Designing jeans wasn’t a stretch for Georgia May Jagger.
The gap-toothed British model, now in her third Hudson Jeans advertising campaign, collaborated with the denim brand on a capsule collection featuring new exclusive stretch-denim fabrics. Jagger will be present at the March 17 launch at Neiman Marcus in Beverly Hills.
With rock royalty lineage — her father is Mick Jagger and her mother is Jerry Hall — Jagger said she was inspired by the Wrangler jeans worn by her mom in the Seventies and rock bands such as Guns N’ Roses. There are five styles in black, white, gray and blue washes. All have skinny leg openings and a midrise to accommodate a range of body types.
“I’m obsessed with [jeans],” Jagger said. “I knew exactly what I wanted from the beginning. All the styles are a slightly higher rise and sit on my hips, which makes them more wearable and elongates the leg. The special fabrics make the jeans more comfortable.”
When Hudson executives talk about Jagger, the conversation inevitably leads to her hip pedigree.
“She encapsulates the Hudson consumer with her London edge and laid-back Los Angeles ease,” said Ben Taverniti, Hudson’s head designer and creative director. “She is effortlessly stylish and cool. Her capsule collection embodies the flair and sexy insouciance of rock ’n’ roll chic.
“This is Hudson’s first collaboration,” Taverniti added. “Georgia is the ‘face’ of our brand and our muse. The conversation to create this capsule came about organically. We weren’t even thinking about it. It just happened because Georgia is a creative person and very into fashion and design. One conversation led to another and here we are.”
Jagger wanted to be part of the design process and submitted sketches and inspiration boards.
“I loved the entire creative process, starting with brainstorming and first sketches to seeing the denim styles come to life at the end,” she said. “I worked with Ben on materials, fit, wash, rise and inseam length and pocket and trim details. Then I visited the factories, from sewing facilities to wash houses, so that I could understand how the jeans would be made. We’re getting ready to ship the jeans for their mid-March launch. To see it all come together is an unbelievable feeling.”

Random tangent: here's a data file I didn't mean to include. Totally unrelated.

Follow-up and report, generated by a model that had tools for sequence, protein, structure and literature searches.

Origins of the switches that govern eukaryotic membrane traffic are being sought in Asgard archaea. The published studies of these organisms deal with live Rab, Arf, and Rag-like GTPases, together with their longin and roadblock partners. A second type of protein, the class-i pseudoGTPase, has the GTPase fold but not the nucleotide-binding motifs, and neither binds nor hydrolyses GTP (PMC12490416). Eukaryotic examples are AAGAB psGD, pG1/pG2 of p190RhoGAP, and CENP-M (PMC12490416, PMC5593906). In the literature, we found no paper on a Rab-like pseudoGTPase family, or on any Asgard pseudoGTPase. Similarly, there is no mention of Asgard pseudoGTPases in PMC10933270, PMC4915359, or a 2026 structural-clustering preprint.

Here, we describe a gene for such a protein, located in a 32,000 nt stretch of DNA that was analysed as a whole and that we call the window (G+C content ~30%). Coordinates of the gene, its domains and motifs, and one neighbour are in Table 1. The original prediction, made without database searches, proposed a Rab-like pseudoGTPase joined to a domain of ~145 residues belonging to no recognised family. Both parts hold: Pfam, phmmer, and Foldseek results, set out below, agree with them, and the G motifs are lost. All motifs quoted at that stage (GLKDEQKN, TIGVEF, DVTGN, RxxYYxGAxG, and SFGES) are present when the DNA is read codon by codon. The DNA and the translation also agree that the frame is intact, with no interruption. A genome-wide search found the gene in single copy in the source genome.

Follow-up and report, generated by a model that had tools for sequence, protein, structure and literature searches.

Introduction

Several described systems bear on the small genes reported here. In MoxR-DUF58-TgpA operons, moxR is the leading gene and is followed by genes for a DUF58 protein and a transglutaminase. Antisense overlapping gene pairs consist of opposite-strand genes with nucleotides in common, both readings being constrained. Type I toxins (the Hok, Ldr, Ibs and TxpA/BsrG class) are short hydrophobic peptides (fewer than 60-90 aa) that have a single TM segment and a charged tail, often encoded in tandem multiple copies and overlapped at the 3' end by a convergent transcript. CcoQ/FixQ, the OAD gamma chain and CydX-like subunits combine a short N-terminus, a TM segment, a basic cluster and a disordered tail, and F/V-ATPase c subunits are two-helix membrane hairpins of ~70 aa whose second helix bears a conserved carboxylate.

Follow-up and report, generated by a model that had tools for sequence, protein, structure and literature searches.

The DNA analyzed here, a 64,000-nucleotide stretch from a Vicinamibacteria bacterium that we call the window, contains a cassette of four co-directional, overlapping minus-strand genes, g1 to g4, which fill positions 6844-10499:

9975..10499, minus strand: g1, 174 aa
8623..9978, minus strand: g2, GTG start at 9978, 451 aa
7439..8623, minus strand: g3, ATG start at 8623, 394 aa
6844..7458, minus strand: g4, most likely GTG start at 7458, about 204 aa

Jagger said, “[The experience] helped me appreciate fashion in so many ways. I look forward to growing the collaboration. Right now I’m happy with jeans because they allowed us to create a cohesive vision and to keep it very focused. I wanted to create a line that would consist of staple wardrobe pieces. We could have gone in a thousand different directions, but with the focus on jeans, we were able to be very creative.”
“I’m with Georgia in Paris for the launch of the collection at Montaigne Market,” Taverniti said. “Every chance we get, we talk about product. ‘What about this?’ ‘How about that?’ Georgia is so invested in the collaboration and the energy is amazing. Success isn’t a question. If the amount of interest we’re getting is any indication, watch out for part two.”
Jagger said she has always been interested in creative pursuits.
“I just set up a darkroom,” she said. “I absolutely love photography. I always have my camera on me as I travel. But I really love all types of art. I’ve been knitting for a while, making one-off scarves for friends and family.”
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